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Keep out: Old hospital a danger

Photo by Aaron Paden / The building that once held King’s Daughters Hospital is currently abandoned. Despite attempts by the city, the owner Railroad Investments LP has left the building to fall into disrepair.

Photo by Aaron Paden / The building that once held King’s Daughters Hospital is currently abandoned. Despite attempts by the city, the owner Railroad Investments LP has left the building to fall into disrepair.

The old hospital on the corner of North Jackson and West Congress streets is a well-known landmark in the city. It’s also abandoned and has fallen into disrepair.

“It is a danger, and it’s an eyesore,” Brookhaven Police Chief Bobby Bell said.

It was built in 1922 by the Willing Hearts Circle as an upgrade to the original hospital on Chickasaw Street. But King’s Daughters Hospital would continue to grow, and it would eventually move into a new facility on Hwy. 51 in 1964.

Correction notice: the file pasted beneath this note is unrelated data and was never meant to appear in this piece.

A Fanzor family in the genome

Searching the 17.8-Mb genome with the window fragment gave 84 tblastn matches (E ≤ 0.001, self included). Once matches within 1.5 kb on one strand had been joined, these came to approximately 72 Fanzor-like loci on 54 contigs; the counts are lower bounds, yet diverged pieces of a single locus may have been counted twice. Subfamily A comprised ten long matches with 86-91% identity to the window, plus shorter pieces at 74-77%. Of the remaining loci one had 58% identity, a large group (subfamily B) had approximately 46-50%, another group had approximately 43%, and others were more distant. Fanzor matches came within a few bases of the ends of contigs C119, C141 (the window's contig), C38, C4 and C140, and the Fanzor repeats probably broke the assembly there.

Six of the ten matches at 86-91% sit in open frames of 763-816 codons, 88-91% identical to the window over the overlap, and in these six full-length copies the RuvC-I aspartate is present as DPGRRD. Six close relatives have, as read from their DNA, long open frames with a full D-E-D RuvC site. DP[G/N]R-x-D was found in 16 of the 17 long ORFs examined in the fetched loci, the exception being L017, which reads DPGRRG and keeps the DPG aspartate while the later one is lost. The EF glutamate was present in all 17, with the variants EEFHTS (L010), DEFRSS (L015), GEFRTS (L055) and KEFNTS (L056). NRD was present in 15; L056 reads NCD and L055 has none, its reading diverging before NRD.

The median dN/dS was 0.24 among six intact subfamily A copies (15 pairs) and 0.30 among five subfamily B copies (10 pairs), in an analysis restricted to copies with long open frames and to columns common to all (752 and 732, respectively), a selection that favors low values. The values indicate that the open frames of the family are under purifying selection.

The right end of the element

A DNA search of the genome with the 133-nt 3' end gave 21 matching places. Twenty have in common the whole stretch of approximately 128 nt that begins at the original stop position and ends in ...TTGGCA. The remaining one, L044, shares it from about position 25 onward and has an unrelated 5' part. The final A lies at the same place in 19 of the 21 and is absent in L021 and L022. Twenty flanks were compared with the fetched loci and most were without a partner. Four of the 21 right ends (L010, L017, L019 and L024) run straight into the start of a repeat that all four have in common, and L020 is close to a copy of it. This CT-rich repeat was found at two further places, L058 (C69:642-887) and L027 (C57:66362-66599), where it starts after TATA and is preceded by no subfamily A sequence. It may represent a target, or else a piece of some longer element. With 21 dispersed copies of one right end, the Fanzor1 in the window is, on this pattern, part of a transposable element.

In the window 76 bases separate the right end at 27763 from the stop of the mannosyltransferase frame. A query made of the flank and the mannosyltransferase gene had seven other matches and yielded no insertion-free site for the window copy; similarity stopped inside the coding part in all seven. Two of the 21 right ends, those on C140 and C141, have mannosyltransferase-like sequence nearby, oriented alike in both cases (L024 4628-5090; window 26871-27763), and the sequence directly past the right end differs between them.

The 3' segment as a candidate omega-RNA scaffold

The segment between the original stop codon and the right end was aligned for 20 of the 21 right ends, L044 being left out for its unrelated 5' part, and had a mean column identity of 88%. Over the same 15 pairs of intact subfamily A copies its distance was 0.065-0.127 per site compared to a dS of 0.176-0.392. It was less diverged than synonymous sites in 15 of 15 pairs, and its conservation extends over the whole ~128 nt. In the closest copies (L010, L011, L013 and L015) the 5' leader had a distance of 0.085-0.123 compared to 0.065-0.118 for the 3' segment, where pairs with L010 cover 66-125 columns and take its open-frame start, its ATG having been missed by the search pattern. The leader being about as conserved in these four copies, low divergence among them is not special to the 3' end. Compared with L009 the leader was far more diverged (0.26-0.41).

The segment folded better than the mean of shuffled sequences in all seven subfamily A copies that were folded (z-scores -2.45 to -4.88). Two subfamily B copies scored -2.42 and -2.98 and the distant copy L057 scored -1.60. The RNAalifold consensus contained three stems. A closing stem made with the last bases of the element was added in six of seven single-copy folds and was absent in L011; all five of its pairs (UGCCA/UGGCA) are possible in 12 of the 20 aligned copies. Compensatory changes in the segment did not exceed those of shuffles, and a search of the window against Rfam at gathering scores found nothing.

It was sold to Silver Cross Health and Rehab Center, but some years ago Silver Cross moved to its current location near King’s Daughters Medical Center.

According to tax maps, the building is now owned by Railroad Investments LP. According to documents from the Mississippi Secretary of State, the business is managed by Dr. Joseph Farina of McComb. The city has tried unsuccessfully to contact Farina in the past, though city building inspector David Fearn said they haven’t done so since he’s been the building inspector.

Farina did not respond to request for comment.

Over the years, Bell said there have been reports of children going through the place.

“Anytime somebody is in a building in that bad a shape, it’s a danger,” Bell said. “Our kids don’t have any business going into any building that has broken glass.”

Broken glass might be the least of the problems. In the 1920s the high toxicity of asbestos was not commonly known, and it’s possibly present in the building.

“The type of paint that they used back then all had lead in it,”  Fearn said. “There’s probably lead in the paint. There’s probably asbestos in the tile on the floor.”

Fearn said they can’t know for sure if the building contains toxic material without doing a survey, but he said currently the cost of doing that is prohibitive unless they get funding from the EPA. The building also can’t be demolished without expensive testing and legal proceedings.

So the building will continue to deteriorate for the foreseeable future.